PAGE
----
“Sunless Shadows” takes a look at the lives of teenage girls in an Iranian juvenile detention center; each of the film’s principal subjects is serving time for the murder of a male family member. One by one, director Mehrdad Oskouei invites them to go into a room alone, push the red button on the camera, and address their accomplices or their victims. With this confessional approach combined with the ever-deepening relationships he has with his subjects, Oskouei presents a picture of the disenfranchised in an aggressively male-dominated society and of the prison that is their shelter from it.

“Sunless Shadows” is now available via virtual cinemas.

Work It – Directed by Laura Terruso; Written by Alison Peck 

When Quinn Ackerman’s (Sabrina Carpenter) admission to the college of her dreams depends on her performance at a dance competition, she forms a ragtag group of dancers to take on the best squad in school — now she just needs to learn how to dance.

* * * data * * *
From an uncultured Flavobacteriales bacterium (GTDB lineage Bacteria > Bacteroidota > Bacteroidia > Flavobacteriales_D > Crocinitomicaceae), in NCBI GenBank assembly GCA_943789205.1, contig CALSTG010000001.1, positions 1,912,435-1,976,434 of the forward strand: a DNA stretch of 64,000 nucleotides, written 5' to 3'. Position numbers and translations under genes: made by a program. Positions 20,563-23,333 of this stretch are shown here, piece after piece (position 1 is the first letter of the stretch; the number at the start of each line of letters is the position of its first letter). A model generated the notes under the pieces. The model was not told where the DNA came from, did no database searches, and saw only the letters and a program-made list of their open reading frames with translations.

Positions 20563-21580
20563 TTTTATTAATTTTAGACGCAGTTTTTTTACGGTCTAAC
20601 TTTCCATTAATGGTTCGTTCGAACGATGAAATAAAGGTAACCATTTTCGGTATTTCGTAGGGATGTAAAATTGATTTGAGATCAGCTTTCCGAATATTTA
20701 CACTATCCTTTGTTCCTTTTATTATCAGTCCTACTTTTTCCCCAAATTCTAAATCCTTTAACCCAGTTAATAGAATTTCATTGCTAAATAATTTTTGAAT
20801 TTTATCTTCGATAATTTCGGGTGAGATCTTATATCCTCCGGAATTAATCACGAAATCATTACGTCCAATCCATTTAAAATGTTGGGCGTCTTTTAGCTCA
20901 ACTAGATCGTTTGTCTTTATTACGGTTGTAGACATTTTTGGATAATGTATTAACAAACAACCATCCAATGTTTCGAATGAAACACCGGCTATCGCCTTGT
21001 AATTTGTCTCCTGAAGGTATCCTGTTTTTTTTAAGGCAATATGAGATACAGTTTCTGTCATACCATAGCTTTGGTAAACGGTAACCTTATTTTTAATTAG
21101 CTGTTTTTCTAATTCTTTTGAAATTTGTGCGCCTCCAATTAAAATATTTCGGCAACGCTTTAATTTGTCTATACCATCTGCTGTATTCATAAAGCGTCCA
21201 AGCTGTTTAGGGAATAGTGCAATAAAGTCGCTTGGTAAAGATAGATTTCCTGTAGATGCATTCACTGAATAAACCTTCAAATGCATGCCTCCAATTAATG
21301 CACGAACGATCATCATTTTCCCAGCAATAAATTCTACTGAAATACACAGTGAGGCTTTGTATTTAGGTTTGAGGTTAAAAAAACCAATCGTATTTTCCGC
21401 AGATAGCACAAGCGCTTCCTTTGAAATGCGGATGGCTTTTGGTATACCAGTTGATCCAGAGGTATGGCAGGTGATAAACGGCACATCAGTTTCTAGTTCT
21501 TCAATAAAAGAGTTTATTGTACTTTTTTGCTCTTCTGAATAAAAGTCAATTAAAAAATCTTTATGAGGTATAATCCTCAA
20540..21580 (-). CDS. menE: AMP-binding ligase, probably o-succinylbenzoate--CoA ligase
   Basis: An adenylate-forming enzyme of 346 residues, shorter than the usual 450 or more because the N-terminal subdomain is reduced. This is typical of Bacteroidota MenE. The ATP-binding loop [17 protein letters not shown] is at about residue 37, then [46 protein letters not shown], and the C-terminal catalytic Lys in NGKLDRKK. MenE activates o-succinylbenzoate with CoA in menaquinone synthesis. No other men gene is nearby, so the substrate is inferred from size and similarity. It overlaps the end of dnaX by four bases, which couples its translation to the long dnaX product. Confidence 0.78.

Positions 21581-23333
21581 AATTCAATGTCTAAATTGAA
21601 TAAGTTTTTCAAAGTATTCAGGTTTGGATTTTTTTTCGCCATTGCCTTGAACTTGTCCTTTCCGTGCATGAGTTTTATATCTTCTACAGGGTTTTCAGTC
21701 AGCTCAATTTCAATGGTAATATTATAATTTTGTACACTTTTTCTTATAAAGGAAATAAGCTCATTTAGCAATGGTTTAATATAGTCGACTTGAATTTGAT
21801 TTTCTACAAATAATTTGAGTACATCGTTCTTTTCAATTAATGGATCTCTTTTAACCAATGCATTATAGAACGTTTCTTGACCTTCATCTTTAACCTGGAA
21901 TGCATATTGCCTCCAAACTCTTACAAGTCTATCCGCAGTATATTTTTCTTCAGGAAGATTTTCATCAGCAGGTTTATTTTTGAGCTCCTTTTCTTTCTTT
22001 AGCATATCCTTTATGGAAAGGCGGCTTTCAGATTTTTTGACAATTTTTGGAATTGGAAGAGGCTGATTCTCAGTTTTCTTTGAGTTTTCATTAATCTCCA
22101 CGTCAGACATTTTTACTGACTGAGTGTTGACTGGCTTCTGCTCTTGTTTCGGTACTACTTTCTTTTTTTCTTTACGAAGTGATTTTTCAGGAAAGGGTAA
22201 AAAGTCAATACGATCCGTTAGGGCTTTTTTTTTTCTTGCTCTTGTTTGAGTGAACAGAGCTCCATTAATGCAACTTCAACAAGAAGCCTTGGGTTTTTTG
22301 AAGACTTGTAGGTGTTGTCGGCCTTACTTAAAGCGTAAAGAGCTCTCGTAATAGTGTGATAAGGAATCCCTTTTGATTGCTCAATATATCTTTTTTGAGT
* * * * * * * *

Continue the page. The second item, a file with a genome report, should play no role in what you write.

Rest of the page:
“Work It” is now available on Netflix. 

Berlin, Berlin: Lolle on the Run – Directed by Franziska Meyer Price

Based on the German TV series “Berlin, Berlin”  this comedy continues the story of Lolle (Felicitas Woll), who’s finally over her ex Sven (Jan Sosniok) and ready to marry her friend Hart (Matthias Klimsa) — that is, until Sven unexpectedly comes back into her life.

“Berlin, Berlin: Lolle on the Run” is now available on Netflix. 

To the New Girl – Directed by Aurora J. Culver and Ambika Leigh; Written by Samantha Macher

“To the New Girl” is a bold anthology feature film made by an all-female creative team and cast. Based on the popular play of the same name, the film follows 10 women scorned as they directly address their exes’ new wives and lovers at an open mic night in Los Angeles. Created by a dynamic group of emerging filmmakers at a time when audiences are demanding films made both by and for women, the project taps into a social and political climate that’s left women poised to take back their voices and be heard.